- The Washington Times - Sunday, December 5, 2021

A stunning blunder by Russian challenger Ian Nepomniachtchi gifted world champion Magnus Carlsen his second win in three games in their scheduled 14-game world chess title match in Dubai Sunday.

The result gave the Norwegian champ a 5-3 lead and a seeming stranglehold on retaining the crown he has worn since 2013. The first player to score 7 1/2 points wins the match, with a one-day rapid and blitz playoff set for Dec. 15 if the match is tied.

Nepomniachtchi played strongly in the early games of the match, which opened with five consecutive draws. But he suffered a devastating, record-setting 136-move defeat against the champion in Friday’s Game 6, and after a quiet draw with the White pieces in Game 7, seemed to collapse in Sunday’s clash.

Facing the Petroff’s Defense for the second time in the match, Carlsen’s maneuvering with the relatively rare line 7. Nd2 and the subtle 10. Qe1+ forced Black to be creative just to maintain equality. Nepomniachtchi missed several chances to neutralize White’s play, then committed the worst blunder of the match so far to lose a pawn without compensation.

The key moves came on 20. c4 dxc4 21. Bxc4 b5??, a bad oversight for a top grandmaster as it loses a pawn to the simple tactic of 22. Qa3+ Kg8 23. Qxa7, and if 23…bxc4, White gets back the bishop with 24. Qxd7. The discouraged challenger failed to put up tough resistance in the play that followed, as White simplified down to a queen ending where he had two extra pawns.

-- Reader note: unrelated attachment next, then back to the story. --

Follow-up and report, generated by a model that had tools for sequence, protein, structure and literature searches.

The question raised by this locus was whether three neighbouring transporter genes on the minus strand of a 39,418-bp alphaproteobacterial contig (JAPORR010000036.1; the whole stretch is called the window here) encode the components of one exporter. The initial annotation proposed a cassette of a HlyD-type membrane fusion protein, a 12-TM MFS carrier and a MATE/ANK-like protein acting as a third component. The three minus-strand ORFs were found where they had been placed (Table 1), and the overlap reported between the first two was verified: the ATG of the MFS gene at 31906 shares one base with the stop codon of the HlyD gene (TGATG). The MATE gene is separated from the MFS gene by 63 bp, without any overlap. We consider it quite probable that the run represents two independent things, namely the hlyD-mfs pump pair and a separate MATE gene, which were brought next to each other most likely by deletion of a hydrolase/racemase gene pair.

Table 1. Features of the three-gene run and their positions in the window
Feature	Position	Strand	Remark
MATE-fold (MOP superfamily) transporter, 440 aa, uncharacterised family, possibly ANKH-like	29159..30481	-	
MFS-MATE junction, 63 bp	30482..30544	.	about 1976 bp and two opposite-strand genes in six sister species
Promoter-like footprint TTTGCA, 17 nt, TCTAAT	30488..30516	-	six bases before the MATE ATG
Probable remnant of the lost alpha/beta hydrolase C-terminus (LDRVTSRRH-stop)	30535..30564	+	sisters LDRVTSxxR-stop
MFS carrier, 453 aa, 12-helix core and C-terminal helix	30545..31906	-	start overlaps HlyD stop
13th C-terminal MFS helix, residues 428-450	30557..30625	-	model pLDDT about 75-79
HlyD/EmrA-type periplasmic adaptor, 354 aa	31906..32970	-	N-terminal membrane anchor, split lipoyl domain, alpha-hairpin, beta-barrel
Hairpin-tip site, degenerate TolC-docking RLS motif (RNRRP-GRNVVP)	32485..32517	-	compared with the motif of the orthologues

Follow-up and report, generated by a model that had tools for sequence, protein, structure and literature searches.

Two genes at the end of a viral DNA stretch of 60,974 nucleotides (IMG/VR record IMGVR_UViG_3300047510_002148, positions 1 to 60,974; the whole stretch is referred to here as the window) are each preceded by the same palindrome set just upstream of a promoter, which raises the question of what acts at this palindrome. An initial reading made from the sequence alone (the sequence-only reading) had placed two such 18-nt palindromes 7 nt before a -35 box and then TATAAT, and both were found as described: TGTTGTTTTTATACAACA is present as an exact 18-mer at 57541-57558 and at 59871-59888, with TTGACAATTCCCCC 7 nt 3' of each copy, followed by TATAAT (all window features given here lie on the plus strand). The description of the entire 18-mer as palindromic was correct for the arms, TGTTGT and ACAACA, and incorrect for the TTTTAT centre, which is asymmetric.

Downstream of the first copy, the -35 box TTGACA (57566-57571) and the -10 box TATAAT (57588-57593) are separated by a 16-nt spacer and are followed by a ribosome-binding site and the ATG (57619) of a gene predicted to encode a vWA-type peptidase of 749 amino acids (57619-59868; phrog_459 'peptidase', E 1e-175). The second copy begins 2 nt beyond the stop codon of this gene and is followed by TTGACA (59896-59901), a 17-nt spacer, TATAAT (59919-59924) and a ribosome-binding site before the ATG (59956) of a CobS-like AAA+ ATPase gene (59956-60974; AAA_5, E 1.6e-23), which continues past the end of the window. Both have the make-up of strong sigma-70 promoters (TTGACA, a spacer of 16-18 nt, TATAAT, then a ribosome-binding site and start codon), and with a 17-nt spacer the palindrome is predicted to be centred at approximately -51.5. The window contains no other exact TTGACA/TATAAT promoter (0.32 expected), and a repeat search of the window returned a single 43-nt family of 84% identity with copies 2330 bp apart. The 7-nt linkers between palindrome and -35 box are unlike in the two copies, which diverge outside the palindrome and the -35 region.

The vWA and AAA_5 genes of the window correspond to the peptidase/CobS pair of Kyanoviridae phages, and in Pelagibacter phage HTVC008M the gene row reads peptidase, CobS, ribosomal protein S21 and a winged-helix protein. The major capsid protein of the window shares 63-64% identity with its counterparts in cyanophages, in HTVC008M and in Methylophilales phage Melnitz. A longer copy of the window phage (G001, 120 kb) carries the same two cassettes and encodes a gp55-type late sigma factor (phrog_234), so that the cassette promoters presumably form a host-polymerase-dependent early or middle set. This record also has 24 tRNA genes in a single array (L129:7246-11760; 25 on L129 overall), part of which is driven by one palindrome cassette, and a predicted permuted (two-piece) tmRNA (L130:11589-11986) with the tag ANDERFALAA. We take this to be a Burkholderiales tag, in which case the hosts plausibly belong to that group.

When Black’s hopes of generating checks against the White king disintegrated after 44. d5 g4 45. hxg4 h3 46. Qf3, the Russian resigned the game.

After a rest day Monday, Nepomniachtchi will have the advantage of the White pieces in Tuesday’s Game 9, but faces a monumental task of closing a two-point deficit with just six games to go. The challenger has yet to win a game in the match.


Carlsen-Nepomniachtchi, World Championship Match, Game 8, Dubai, December 2021

1. e4 e5 2. Nf3 Nf6 3. d4 Nxe4 4. Bd3 d5 5. Nxe5 Nd7 6. Nxd7 Bxd7 7. Nd2 Nxd2 8. Bxd2 Bd6 9. O-O h5 10. Qe1+ Kf8 11. Bb4 Qe7 12. Bxd6 Qxd6 13. Qd2 Re8 14. Rae1 Rh6 15. Qg5 c6 16. Rxe8+ Bxe8 17. Re1 Qf6 18. Qe3 Bd7 19. h3 h4 20. c4 dxc4 21. Bxc4 b5 22. Qa3+ Kg8 23. Qxa7 Qd8 24. Bb3 Rd6 25. Re4 Be6 26. Bxe6 Rxe6 27. Rxe6 fxe6 28. Qc5 Qa5 29. Qxc6 Qe1+ 30. Kh2 Qxf2 31. Qxe6+ Kh7 32. Qe4+ Kg8 33. b3 Qxa2 34. Qe8+ Kh7 35. Qxb5 Qf2 36. Qe5 Qb2 37. Qe4+ Kg8 38. Qd3 Qf2 39. Qc3 Qf4+ 40. Kg1 Kh7 41. Qd3+ g6 42. Qd1 Qe3+ 43. Kh1 g5 44. d5 g4 45. hxg4 h3 46. Qf3 Black resigns

• David R. Sands can be reached at dsands@washingtontimes.com.

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